How important are those NGS metrics?

Of the many metrics used in evaluating target capture data for NGS applications, read about which ones our researchers consider important for evaluating performance of target enrichment panels.

Talking to scientists who regularly use target capture for their next generation sequencing about the performance of their current or desired enrichment panel, I realize the diversity in the number and interpretation of metrics that are believed to be important. To help reduce confusion from the vast number of metrics circulating in the NGS field, I have decided to discuss those that scientists at IDT consider to be important for our analysis of short read sequencers. IDT uses the following measurements to evaluate the performance of an enrichment panel:

  • Unique vs. duplicate reads
  • Percentage of reads mapping on-target
  • Coverage depth
  • Uniformity of coverage

Figure 1. Protocol optimization led to a 3-fold reduction in “duplicate” reads. This optimization was primarily accomplished by controlling PCR parameters before and after targeted enrichment. The xGen® AML Panel was used for duplicate optimization.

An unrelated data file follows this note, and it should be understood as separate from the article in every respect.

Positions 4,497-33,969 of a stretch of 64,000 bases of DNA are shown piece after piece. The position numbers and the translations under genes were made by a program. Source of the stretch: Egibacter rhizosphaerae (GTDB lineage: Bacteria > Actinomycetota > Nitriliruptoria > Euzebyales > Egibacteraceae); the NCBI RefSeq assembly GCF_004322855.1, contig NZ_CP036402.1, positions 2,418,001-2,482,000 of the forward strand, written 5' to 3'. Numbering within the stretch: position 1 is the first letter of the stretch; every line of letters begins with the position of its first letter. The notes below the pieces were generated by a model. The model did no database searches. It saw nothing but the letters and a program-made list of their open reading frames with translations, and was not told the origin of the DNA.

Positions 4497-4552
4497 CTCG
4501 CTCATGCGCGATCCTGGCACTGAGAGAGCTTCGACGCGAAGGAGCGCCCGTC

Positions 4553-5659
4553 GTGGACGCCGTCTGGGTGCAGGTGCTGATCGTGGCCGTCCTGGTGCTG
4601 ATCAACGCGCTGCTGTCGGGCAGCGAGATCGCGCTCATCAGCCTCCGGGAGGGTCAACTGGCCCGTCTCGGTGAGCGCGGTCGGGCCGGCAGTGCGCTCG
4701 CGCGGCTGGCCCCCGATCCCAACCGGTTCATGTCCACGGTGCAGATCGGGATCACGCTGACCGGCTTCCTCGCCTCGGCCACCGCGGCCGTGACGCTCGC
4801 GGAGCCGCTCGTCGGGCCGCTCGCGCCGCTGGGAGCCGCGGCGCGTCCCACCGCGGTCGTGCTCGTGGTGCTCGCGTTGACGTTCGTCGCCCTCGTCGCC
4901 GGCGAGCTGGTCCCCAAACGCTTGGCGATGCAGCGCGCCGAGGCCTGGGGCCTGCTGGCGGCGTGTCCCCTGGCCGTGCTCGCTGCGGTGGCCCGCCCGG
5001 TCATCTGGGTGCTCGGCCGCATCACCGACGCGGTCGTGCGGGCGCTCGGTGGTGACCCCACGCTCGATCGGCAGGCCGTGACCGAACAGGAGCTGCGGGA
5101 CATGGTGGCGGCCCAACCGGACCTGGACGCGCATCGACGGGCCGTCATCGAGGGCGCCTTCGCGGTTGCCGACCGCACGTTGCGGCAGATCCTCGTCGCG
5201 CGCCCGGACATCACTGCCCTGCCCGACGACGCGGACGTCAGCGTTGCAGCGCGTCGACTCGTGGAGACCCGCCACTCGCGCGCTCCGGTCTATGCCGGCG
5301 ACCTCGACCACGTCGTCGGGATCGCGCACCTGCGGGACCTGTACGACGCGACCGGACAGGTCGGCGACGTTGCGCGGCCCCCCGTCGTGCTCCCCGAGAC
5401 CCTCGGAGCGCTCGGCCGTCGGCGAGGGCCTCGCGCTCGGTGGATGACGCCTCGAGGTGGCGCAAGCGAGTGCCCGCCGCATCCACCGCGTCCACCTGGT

Unique vs. duplicate reads

For sequencing that uses hybridization capture, duplicate reads (sequenced DNA fragments), especially in paired-end sequencing, are assumed to be the result of reading 2 or more PCR copies of the same original DNA fragment. When sequencing randomly fragmented, PCR-amplified DNA, some amount of duplication is unavoidable. The goal is to have sufficient diversity persisting within the library even after enrichment so that random sampling of reads will rarely detect the same fragment multiple times. Most sequencing analysis pipelines remove PCR duplicates; therefore, using protocols that maintain a low frequency of duplicate DNA fragments results in a greater amount of usable sequencing data at the end. However, for applications requiring higher sensitivity—such as rare allele detection—the unique vs. duplicate reads metric is important for monitoring diversity and for more accurate measurement of copy number variation.